29 April 2010 21:30 [Source: ICIS news]
PotashCorp posted a 46% increase in first-quarter net income as fertilizer demand recovered from last year’s unprecedented decline and buyers returned to the market, the Canadian company said.
PotashCorp said first-quarter earnings rose to $449.2m (€341.4m) - the second highest first-quarter result in its history – from $307.4m earned in the same period last year.
“This is a recovery year in the fertilizer business and we think we are setting up for very good markets in the coming years,” the company’s president and chief executive Bill Doyle said.
Doyle noted that the world population was predicted to grow by 800m over the coming decade, twice the population of North America. Their need for food would continue to increase the market for fertilizers.
PotashCorp estimated its 2010 potash segment gross margin would be within the range of $1.5-1.8bn.
“With operational capability of 11.2m tonnes in 2010, we will continue to follow our strategy of matching supply to market demand, and expect to initiate production curtailments for inventory control purposes over the course of the year,” it added.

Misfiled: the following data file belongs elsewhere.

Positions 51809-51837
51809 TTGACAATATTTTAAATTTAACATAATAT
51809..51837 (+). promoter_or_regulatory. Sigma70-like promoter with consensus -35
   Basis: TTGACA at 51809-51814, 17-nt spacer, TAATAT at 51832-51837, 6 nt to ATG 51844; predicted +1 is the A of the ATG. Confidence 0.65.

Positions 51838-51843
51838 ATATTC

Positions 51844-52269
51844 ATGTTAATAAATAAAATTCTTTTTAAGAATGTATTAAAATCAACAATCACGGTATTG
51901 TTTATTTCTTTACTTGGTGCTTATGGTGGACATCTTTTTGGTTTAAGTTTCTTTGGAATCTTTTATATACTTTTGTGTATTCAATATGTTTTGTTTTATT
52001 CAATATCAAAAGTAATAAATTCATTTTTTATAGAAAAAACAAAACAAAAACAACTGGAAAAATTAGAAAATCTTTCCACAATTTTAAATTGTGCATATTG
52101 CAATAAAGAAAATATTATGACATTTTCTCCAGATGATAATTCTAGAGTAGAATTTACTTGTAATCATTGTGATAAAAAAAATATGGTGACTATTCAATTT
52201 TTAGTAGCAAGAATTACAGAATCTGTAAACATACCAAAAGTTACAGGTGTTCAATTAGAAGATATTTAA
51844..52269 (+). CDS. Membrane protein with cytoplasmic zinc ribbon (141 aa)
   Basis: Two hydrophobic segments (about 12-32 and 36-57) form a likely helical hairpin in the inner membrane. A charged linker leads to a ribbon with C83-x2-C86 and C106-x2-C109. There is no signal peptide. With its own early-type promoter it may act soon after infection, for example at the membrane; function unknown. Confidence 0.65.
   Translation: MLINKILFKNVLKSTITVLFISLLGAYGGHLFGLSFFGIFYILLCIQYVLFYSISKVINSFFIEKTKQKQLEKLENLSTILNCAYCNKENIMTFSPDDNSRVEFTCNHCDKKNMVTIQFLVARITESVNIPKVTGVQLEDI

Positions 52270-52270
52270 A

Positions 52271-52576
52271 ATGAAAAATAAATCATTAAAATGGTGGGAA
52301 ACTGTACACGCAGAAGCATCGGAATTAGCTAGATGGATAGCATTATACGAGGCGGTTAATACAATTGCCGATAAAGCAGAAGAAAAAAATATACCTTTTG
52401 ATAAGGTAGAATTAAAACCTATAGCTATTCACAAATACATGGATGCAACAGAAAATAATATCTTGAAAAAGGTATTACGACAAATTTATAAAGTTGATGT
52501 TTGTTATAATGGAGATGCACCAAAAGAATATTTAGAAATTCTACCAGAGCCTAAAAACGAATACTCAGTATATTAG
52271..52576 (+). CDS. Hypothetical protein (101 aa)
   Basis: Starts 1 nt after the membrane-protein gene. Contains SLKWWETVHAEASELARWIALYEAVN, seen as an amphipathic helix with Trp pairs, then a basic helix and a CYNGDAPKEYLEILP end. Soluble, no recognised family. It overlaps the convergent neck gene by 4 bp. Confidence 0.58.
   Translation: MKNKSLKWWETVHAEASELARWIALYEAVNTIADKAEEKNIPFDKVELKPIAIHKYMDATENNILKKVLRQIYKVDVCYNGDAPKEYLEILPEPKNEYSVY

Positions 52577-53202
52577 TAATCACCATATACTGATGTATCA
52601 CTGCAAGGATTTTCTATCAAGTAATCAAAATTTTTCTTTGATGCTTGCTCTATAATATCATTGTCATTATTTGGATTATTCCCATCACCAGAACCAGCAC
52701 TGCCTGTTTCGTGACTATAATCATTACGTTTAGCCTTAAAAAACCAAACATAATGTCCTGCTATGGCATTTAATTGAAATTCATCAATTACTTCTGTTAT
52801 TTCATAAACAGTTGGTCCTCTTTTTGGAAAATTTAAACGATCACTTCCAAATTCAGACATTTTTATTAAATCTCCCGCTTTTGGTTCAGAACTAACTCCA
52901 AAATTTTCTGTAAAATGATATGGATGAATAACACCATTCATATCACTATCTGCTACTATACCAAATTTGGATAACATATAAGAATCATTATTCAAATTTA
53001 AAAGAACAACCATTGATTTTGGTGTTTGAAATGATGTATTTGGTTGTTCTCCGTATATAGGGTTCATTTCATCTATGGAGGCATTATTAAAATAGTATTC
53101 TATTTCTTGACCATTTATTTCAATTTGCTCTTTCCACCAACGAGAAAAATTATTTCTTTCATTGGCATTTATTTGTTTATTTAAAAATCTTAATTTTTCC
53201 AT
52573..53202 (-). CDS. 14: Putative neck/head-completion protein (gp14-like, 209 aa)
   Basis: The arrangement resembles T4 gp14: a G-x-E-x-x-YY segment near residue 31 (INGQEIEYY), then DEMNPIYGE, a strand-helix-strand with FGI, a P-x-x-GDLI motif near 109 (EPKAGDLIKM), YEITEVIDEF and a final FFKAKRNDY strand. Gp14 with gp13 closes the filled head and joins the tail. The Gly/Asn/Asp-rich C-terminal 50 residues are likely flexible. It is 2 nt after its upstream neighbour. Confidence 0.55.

In phosphate and nitrogen, the company said it expected to generate a combined gross margin of $500m-700m in 2010.
Overall, PotashCorp said it saw 2010 net income per share in the range of $4.50-5.25 per diluted share, including $1.00-1.30 in the second quarter, it said.
“We believe the higher demand we are seeing today is a precursor to a longer-term rebound as farmers strive to catch up on applications missed in 2009 and work to meet the increasing need for food production in the years ahead,” said Doyle.
PotashCorp expects China and India to take greater amounts of potash in the months ahead as greater needs for food are required for their growing populations.
The company estimated that China will need to import about 5m tonnes of potash in 2010 and already has imported 2.5m tonnes so far this year.
PotashCorp was negotiating short-term contracts with China for potash. Longer-term contracts would be sought with India and China for phosphates.
Going forward, PotashCorp would continue to match potash supply with demand, Doyle said.
The company would produce more in the coming months because the market would call for more potash.
In Brazil and Argentina, for example, growers recently completed historically large harvests of soybeans and were expected to plant big crops for the 2010-2011 season, and they would need additional fertilizer supply, Doyle said.
($1 = €0.76)
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